37 Barriers to Change

Barrier 4 - Love Wins, by hji, Flickr

Photo Credit: Barrier 4 – Love Wins, by hji, Flickr

Change is an unavoidable reality in organizational life. Like death and taxes, change is part of life whether we like it or not.

Continuity & Change

One of the key thought leaders on managerial theory in the 20th century was Peter Drucker. Peter Drucker regularly emphasized the importance balancing continuity and change in thriving organizations. Organizational leaders have the responsibility of guiding their organizations in such a way that communities both benefit from time-tested practice (continuity) as well as creativity and innovation (change).

Because change is a reality leaders must engage, it is vital that leaders understand not only their goals in a change process, but also the forces that are working against change.

Hindrances to Change

I’m teaching a graduate course on organizational leadership this semester. Yesterday, our lecture focused on barriers to change. From change theorists like Kurt Lewin on to others today, it is argued that change may only take place if the driving forces working toward change are greater than the restraining forces working to maintain the status quo.

In light of such perspective on change, leaders must be aware of the significant forces, barriers, and hindrances working against change.

I see hindrances or barriers to change grouping around four primary domains:

  1. Intrapersonal Dynamics: barriers that are related to individuals
  2. Interpersonal Dynamics: barriers that are related to the interpersonal relationships between individuals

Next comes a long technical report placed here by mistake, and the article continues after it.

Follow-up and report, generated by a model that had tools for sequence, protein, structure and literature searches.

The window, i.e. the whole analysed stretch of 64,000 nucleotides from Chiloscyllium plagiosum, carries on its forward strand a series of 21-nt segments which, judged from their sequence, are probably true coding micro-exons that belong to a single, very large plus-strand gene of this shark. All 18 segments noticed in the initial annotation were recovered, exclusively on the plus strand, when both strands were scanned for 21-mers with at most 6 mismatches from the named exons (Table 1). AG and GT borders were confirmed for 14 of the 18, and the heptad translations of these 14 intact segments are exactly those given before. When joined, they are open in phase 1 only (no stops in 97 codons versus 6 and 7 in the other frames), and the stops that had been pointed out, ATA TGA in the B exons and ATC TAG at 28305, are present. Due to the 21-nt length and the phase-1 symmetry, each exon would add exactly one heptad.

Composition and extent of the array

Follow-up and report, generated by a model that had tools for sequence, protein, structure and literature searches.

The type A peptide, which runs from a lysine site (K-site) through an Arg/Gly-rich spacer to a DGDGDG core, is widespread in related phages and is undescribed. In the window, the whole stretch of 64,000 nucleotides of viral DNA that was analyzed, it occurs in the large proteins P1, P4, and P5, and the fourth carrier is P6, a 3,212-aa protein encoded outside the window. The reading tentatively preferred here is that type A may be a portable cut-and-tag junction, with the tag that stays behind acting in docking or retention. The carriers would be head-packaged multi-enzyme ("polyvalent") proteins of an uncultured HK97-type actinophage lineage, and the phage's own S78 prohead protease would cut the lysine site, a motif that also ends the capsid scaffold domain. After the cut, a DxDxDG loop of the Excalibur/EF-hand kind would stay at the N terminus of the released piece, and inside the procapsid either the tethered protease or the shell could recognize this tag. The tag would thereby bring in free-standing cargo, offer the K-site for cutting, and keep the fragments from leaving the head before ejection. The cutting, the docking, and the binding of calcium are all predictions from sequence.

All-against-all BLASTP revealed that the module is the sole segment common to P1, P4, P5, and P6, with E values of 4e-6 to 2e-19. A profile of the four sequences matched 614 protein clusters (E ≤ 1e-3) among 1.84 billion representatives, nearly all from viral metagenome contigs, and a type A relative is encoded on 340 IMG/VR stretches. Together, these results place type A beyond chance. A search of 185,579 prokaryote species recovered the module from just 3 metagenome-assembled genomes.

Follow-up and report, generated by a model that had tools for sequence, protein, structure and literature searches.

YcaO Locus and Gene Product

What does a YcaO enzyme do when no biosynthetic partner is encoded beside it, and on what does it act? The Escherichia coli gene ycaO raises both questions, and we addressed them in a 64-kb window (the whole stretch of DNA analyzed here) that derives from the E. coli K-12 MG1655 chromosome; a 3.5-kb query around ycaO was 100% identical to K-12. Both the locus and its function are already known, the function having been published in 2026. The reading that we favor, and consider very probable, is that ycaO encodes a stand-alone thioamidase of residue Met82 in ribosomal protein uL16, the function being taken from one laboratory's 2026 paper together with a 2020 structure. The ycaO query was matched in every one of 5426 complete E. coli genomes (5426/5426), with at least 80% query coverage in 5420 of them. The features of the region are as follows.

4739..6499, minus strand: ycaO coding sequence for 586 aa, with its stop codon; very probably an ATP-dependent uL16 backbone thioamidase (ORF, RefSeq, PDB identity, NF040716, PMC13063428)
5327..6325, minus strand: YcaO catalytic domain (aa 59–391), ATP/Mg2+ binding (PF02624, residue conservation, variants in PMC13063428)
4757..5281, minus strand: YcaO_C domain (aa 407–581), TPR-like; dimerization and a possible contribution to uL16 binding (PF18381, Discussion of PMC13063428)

3. Team & Organizational Dynamics: barriers related to team and organizational systems and structures
  4. Socio-Cultural or Environmental Dynamics: barriers related to the larger context within which organizations are embedded

In order to better understand the restraining forces at work against change, I present these 37 barriers to change grouped around the four above noted domains.

Intrapersonal Dynamics

  • Fear of Failure (Personally)
  • Risk Adverse
  • Complacency
  • Fear of Increased Responsibilities
  • Unwillingness to Experience the Discomfort of Change
  • Threat to Personal Values & Perspectives
  • Comfort with what is Familiar (peace before progress)
  • Suspicion of New Ideas
  • Focus on Self-Interest
  • Concerns for Job-Security

Interpersonal Dynamics

  • Lack of Trust
  • Resenting Interference of Others
  • Threat to Status in Community
  • Feared Loss of Power
  • Feared Loss of Positive Personal Relationships
  • Insular Approach to New/External Ideas
  • Feeling Excluded & Left Out
  • Poor Communication

Team & Organizational Dynamics

  • Focus on Past Success and Innovation
  • Social and Structural Self-Preservation
  • Institutional Focus over Focus on Purpose
  • Collective Perspective that Change is Not Feasible
  • Collective Perspective that Change is Not Necessary
  • Rule of a Change-Adverse Minority
  • Lack of Leader Vision & Leader Direction
  • High Cost (economic and human resources)
  • Failures Treated as Problems in the Organization Culture
  • Misalignment of Resources
  • Lack of Sponsorship by Senior Leadership
  • Lack of Training on How to Approach Change